• 15. Re: Introduction to regular expressions ... last part.
      572471
      Or using just one regex function and LENGTH:
      WHERE REGEXP_LIKE(num, '^[10]*(\(!\))?[10]*$') AND LENGTH (num) IN (5, 8)
      it would't be correct:
      SQL> with t as (select '10010110' num from dual)
        2  select num from t
        3  WHERE REGEXP_LIKE(num, '^[10]*(\(!\))?[10]*$') AND LENGTH (num) IN (5, 8)
        4  /
      
      NUM
      --------
      10010110
      • 16. Re: Introduction to regular expressions ... last part.
        BluShadow
        select t.*, case
                    when length(num) <= 8 then
                      regexp_substr(num, '^([10]{5}|[10]*\(!\)[10]*)$')
                    else null end as num2
          from t
        • 17. Re: Introduction to regular expressions ... last part.
          cd_2
          I'm afraid you need at least to regex functions, since there's also a length check involved. Is this solution getting close to your requirements?
          SELECT t.*
               , REGEXP_SUBSTR(REGEXP_SUBSTR(num, 
                                             '^(.){5,8} (.){3,6}$'), 
                               '^[10]*(\(!\))?[10]* [10]*(\(>\))?[10]*$')
            FROM t
          ;
          C.

          Changed everything to regexp_substr

          Message was edited by:
          cd
          • 18. Re: Introduction to regular expressions ... last part.
            BluShadow
            I'm afraid you need at least to regex functions,
            since there's also a length check involved.
            Ah, the joy of the CASE statement. ;)
            • 19. Re: Introduction to regular expressions ... last part.
              cd_2
              Not working with the new requirements.

              C.
              • 20. Re: Introduction to regular expressions ... last part.
                572471
                it's not long lasting joy :))
                cause it would be difficult tou use case in the provided example:
                Re: Introduction to regular expressions ... last part.
                • 21. Re: Introduction to regular expressions ... last part.
                  572471
                  cd

                  it's a pitty but your query also doesn't cover all the requirments:
                  SQL> with t as (select '100101 101(>)' num from dual)
                    2  SELECT t.*
                    3       , REGEXP_SUBSTR(REGEXP_SUBSTR(num,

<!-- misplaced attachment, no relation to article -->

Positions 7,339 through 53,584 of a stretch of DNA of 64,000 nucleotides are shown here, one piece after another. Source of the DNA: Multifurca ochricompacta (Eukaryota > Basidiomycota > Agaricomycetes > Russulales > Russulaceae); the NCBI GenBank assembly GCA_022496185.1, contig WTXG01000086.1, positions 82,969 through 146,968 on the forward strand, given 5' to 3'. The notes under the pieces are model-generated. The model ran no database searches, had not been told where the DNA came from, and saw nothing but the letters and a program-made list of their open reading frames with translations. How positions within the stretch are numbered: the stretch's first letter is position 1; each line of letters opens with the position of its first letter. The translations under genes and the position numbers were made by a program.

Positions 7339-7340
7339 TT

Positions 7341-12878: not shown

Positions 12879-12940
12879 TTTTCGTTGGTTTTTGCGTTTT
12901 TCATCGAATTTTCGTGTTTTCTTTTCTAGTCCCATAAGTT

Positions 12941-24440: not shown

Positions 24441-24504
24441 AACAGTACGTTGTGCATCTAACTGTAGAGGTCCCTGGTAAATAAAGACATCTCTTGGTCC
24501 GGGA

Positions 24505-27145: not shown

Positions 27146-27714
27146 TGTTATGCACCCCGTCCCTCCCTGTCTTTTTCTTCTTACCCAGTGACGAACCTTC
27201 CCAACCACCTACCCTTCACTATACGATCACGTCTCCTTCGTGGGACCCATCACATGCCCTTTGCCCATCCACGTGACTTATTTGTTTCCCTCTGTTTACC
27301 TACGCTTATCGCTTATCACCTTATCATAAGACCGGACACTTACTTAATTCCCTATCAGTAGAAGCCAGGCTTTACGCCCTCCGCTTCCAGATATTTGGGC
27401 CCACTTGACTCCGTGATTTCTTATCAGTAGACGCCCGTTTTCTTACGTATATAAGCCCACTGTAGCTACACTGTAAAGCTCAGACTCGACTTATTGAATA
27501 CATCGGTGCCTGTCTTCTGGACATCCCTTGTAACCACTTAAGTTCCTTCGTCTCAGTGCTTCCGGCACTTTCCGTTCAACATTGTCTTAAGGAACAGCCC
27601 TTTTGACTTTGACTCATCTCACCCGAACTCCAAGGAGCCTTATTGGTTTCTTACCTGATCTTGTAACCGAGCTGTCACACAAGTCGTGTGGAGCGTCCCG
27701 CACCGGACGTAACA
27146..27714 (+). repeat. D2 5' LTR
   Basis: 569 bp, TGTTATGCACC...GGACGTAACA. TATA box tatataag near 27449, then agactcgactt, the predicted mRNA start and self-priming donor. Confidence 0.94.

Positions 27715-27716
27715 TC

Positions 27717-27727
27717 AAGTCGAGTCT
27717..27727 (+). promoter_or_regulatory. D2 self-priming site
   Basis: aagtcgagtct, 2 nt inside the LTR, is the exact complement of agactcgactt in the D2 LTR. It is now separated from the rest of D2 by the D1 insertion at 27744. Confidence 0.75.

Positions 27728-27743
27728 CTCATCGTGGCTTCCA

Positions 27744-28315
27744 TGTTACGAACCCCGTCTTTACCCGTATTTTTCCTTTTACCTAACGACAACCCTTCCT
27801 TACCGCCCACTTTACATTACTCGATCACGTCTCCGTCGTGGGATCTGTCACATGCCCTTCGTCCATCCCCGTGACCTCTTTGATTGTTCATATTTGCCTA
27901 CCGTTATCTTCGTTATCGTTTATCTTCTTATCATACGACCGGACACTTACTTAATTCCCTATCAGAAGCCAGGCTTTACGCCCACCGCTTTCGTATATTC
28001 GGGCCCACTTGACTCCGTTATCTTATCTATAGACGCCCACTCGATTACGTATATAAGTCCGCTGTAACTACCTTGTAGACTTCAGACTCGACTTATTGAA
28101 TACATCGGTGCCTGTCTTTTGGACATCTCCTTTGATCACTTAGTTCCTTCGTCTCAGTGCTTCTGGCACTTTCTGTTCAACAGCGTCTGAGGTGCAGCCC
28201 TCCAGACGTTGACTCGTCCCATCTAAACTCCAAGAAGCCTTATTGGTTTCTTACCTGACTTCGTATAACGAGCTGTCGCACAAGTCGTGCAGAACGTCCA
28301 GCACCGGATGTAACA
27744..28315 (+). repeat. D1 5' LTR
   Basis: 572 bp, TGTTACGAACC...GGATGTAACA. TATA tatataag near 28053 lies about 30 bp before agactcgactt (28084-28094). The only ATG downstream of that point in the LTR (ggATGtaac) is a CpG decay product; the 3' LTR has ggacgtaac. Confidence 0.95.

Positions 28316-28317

4                                     '^(.){5,8} (.){3,6}$'),
                    5                       '^[10]*(\(!\))?[10]* [10]*(\(>\))?[10]*$')
                    6    FROM t
                    7  /
                  
                  NUM           REGEXP_SUBSTR(REGEXP_SUBSTR(NU
                  ------------- ------------------------------
                  100101 101(>) 100101 101(>)
                  • 22. Re: Introduction to regular expressions ... last part.
                    cd_2
                    Take a closer look at the solution with 2 regexp_substr functions.

                    Dang, missed it again.

                    C.

                    Message was edited by:
                    cd
                    • 23. Re: Introduction to regular expressions ... last part.
                      BluShadow
                      Not working with the new requirements.
                      Jeez, if people can't put up their full requirements at the start then I can't be bothered to help any more. Can't be doing with people chopping and changing what they really want, some of us have work to do and aren't just here to play games.

                      I'll leave this in cd's capable hands.
                      • 24. Re: Introduction to regular expressions ... last part.
                        572471
                        yep,
                        that's exactly what I did.
                        But it doesn't cover:
                        in the first block 5 symbols of [01] in the second block 3 symbols of [01].
                        In the first block it is optional to meet one (!), in the second block it is optional to meet one (>).
                        so it is possible to have 6-8 symbols of [01] in the first block without (!), and 4-6 symbols in the second block without (>).